Compare that with 100 grams of ground beef, which, although it contains more protein, about 23.5 g. to be exact, it has 288.2 calories and an enormous amount of fat, in fact 21.2 grams worth! Lou Sorkin, Advisor for Insects Are Food, would like to add that like any food, how you prepare them can change their status from healthy to not so healthy. Deep-frying them or using them only as a novelty in a sugared or chocolate coating might be tasty, but then you're eating a junk-food preparation, albeit a tasty one.The difference however between a regular chocolate chip cookie and one made with crickets is that the one made with crickets has a lot more protein! It’s a no-brainer to choose the chocolate chip cookie with crickets (or as entomophagists call them, “chocolate chirp” cookies) over any other brand!
People who know their insects and the care needed to harvest them from the “wild,” can collect bugs from local areas such as one’s yard, local parks, woodlands, in and along streams and rivers or even on the beach. Otherwise they should only be purchased from reliable and trusted sources.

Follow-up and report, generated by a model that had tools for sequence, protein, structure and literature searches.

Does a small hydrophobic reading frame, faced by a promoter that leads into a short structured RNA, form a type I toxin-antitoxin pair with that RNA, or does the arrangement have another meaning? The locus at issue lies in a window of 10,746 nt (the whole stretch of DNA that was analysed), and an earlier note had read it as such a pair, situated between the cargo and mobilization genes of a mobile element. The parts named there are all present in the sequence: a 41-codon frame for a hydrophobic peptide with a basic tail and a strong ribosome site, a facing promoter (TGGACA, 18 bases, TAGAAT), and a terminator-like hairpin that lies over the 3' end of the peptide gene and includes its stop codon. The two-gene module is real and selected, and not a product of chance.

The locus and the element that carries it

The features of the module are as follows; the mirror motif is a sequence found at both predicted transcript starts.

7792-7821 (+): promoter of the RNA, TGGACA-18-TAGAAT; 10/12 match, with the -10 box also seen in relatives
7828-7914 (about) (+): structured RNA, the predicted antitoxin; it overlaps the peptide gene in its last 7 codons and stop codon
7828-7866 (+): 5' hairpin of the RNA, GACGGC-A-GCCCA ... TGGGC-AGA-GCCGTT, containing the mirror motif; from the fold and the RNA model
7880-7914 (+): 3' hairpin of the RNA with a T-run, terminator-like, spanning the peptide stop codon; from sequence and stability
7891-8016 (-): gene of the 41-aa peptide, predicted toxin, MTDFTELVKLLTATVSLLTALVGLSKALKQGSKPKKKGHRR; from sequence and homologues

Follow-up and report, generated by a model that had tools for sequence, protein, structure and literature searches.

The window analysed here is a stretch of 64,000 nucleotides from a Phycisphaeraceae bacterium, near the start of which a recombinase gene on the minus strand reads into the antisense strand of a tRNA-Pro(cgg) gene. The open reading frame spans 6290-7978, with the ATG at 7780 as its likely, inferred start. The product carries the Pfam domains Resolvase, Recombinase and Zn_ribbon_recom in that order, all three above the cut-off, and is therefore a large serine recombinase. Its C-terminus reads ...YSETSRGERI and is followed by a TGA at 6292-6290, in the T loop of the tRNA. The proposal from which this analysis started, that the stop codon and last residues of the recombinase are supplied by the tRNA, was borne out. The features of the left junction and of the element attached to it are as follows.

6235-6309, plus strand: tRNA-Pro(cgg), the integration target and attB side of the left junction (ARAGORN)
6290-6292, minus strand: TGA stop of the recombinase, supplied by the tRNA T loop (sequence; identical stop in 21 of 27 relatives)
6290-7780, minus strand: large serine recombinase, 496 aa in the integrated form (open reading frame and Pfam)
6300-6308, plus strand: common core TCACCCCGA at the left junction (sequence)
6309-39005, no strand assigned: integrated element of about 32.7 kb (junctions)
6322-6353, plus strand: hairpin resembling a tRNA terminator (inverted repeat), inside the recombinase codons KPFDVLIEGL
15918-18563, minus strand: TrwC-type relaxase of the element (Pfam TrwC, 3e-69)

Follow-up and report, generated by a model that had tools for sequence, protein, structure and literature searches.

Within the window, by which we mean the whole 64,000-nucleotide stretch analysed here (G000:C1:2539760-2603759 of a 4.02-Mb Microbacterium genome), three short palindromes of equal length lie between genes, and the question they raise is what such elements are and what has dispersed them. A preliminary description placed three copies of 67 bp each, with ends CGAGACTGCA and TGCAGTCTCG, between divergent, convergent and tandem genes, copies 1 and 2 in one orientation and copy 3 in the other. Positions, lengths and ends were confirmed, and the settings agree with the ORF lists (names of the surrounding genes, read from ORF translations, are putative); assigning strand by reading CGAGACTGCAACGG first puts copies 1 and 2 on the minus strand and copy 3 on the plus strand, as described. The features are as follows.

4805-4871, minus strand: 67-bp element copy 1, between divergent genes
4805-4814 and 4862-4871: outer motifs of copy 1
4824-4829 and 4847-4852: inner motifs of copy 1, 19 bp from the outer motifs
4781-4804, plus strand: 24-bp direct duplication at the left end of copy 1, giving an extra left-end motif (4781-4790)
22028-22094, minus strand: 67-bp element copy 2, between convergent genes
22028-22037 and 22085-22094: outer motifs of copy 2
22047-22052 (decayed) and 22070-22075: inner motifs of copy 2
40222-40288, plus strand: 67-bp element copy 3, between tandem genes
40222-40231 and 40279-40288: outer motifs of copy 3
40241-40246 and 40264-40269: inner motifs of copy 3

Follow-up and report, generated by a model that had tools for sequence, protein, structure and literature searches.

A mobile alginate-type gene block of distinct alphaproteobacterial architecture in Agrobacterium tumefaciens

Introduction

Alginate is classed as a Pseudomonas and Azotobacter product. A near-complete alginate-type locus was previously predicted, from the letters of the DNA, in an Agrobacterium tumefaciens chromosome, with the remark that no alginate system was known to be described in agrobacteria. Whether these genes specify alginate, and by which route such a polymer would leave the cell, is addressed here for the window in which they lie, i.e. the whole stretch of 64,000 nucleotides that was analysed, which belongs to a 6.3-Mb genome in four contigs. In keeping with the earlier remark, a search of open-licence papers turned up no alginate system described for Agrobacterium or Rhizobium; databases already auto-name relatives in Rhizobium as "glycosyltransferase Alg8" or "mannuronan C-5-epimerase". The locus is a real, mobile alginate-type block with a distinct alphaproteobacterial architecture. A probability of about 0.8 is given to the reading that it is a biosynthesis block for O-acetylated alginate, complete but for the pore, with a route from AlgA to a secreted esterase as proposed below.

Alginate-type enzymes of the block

Bugs are safe to eat as long as you purchase them from a reliable source or raise them yourself. You do not want to take bugs from the wild because you don’t know what sort of pesticides or other chemical sources they’ve come into contact with. A good rule of thumb to follow is to avoid eating any brightly colored, hairy or spiny bugs, as they are likely to be poisonous. Most caterpillars are similarly inedible. In all cases of food consumption, a safe and reliable source equals a safe and healthy diet.
It appears crickets are one of the more popular insects to eat. It is one of the easiest to raise, prepare and cook. They’re very inexpensive to raise and easy to maintain. They’re also highly nutritious and tasty. Mealworms and silkworms are also very popular. It would make for an interesting project for someone to find out which bugs are indeed the most popular to eat. We’d love to hear the responses.
First off, insects should only be purchased from reliable sources and kept fresh as possible. Prior to preparing your live insects for a meal, place them inside a storage bag and keep them in the refrigerator between a half hour and an hour up until the time you are ready to use them. Refrigeration will not kill insects, but just slow down their metabolism, prohibiting their movement when removed from the refrigerator. Some people place them in a pot of boiling water for about two minutes ensuring cleanliness. They can be used in any number of recipes without boiling so long as they’re cooked, i.e. roasted, sautéed, fried, etc. Any insect after boiling and/or cooking can be stored in your freezer for later use much like any other food.
( Courtesy : Insects are food )